ASHLAND — Lieutenant Governor Jon Husted visited Ashland on Wednesday to deliver a speech at the North Central Workforce Alliance Summit about how businesses, governments, and schools can face Ohio’s workforce problems.
According to Husted, Ohio and its bordering states have fewer working age people than 10 years ago. By 2030, Ohio will have even fewer working age people than the state has today.
Also, he said that while Ohio currently has one of the lowest unemployment rates in its history, there are still fewer people working than before the COVID-19 pandemic.
“The pie is shrinking. So what does that mean? It means that we must, we must make sure that we leave nobody behind and nobody on the bench and not in the game if we can do anything about it,” he said.
Husted anticipates that employers’ demand for engineers, factory workers, tech workers, and construction workers will increase in the future due in part to Ohio’s new Intel plant.
“They’ll have enough structural steel to make eight Eiffel Towers, they’ll have enough concrete to build two skyscrapers. That’s what’s in these facilities. They’re not going anywhere. Once they build it they’re here to stay,” Husted said.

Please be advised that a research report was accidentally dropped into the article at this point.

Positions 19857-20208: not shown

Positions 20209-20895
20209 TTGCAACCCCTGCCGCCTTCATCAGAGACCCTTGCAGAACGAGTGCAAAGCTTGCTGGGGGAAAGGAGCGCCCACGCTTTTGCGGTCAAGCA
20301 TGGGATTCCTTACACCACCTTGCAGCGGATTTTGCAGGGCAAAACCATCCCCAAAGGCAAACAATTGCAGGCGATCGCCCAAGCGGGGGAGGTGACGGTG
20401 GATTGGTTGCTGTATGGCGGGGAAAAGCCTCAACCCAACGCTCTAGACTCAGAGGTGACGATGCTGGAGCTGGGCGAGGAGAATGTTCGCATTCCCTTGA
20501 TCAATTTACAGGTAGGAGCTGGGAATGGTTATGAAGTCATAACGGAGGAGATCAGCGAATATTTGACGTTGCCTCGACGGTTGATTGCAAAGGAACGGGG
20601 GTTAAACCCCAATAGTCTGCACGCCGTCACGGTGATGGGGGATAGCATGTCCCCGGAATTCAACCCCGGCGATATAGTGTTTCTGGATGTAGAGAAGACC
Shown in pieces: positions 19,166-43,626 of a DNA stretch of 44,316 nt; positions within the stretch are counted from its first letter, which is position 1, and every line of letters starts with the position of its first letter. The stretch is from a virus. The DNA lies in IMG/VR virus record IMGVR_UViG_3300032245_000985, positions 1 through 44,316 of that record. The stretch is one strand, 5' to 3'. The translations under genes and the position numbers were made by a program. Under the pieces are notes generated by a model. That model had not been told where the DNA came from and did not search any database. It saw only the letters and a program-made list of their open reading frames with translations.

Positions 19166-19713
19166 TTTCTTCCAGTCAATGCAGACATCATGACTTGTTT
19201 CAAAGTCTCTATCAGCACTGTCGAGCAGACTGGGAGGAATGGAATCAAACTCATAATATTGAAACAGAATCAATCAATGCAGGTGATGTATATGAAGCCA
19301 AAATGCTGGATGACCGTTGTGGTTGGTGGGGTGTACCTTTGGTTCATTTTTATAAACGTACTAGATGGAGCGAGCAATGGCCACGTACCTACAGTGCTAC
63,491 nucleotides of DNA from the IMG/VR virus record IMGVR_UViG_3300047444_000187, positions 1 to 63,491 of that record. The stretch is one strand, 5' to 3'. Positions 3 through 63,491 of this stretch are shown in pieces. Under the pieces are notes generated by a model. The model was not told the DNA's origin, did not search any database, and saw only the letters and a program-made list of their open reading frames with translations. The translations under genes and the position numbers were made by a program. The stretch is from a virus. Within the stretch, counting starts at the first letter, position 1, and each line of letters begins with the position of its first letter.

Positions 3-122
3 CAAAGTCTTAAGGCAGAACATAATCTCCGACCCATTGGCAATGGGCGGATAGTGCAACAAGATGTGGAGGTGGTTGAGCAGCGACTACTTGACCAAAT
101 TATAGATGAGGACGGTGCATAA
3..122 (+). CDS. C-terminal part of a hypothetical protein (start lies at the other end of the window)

He touted Ohio’s TechCred program, which he helped create, as a possible solution to some of Ohio’s workforce woes.
Under the TechCred program, businesses can get reimbursed up to $30,000 from the state for helping employees earn new technical credentials.
“If you’re not using it, you should be,” Husted said.
He also brought up Ohio’s Industry-Recognized Credentials program where career centers receive a $1,250 bonus from the state for every qualifying credential a student earns from their school.
While the state handles these big programs, it’s up to local communities to meet their unique workforce needs, he added.
To that end, Husted recommends industry sector partnerships where businesses, educators, and community leaders work together to address an area’s workforce needs.
“It’s everybody doing their part and being excellent at what they’re doing and integrating that with other people and when you do that, you win. That’s what happens in a workforce development system in your community,” he said.
He also encouraged local authorities to use some of their extra American Rescue Plan Money to beef up their community’s infrastructure to attract new housing developments for workers to live in.
Near the end of his speech, Husted claimed that the federal government creates disincentives for people to work and he plans to “knock down some the barriers the federal government has created” if he and Gov. DeWine are re-elected.
He pointed to the Social Security disability program, which provides supplemental income to over 9.5 million disabled Americans, as a federal program that keeps people out of the workforce.
“We have more people on disability than we’ve ever had before even though technology has made it easier to work, jobs are easier, you don’t require as much physical skill as you once did,” he said.
According to data from the Social Security Administration, the number of Americans receiving disability payments actually peaked around 2014.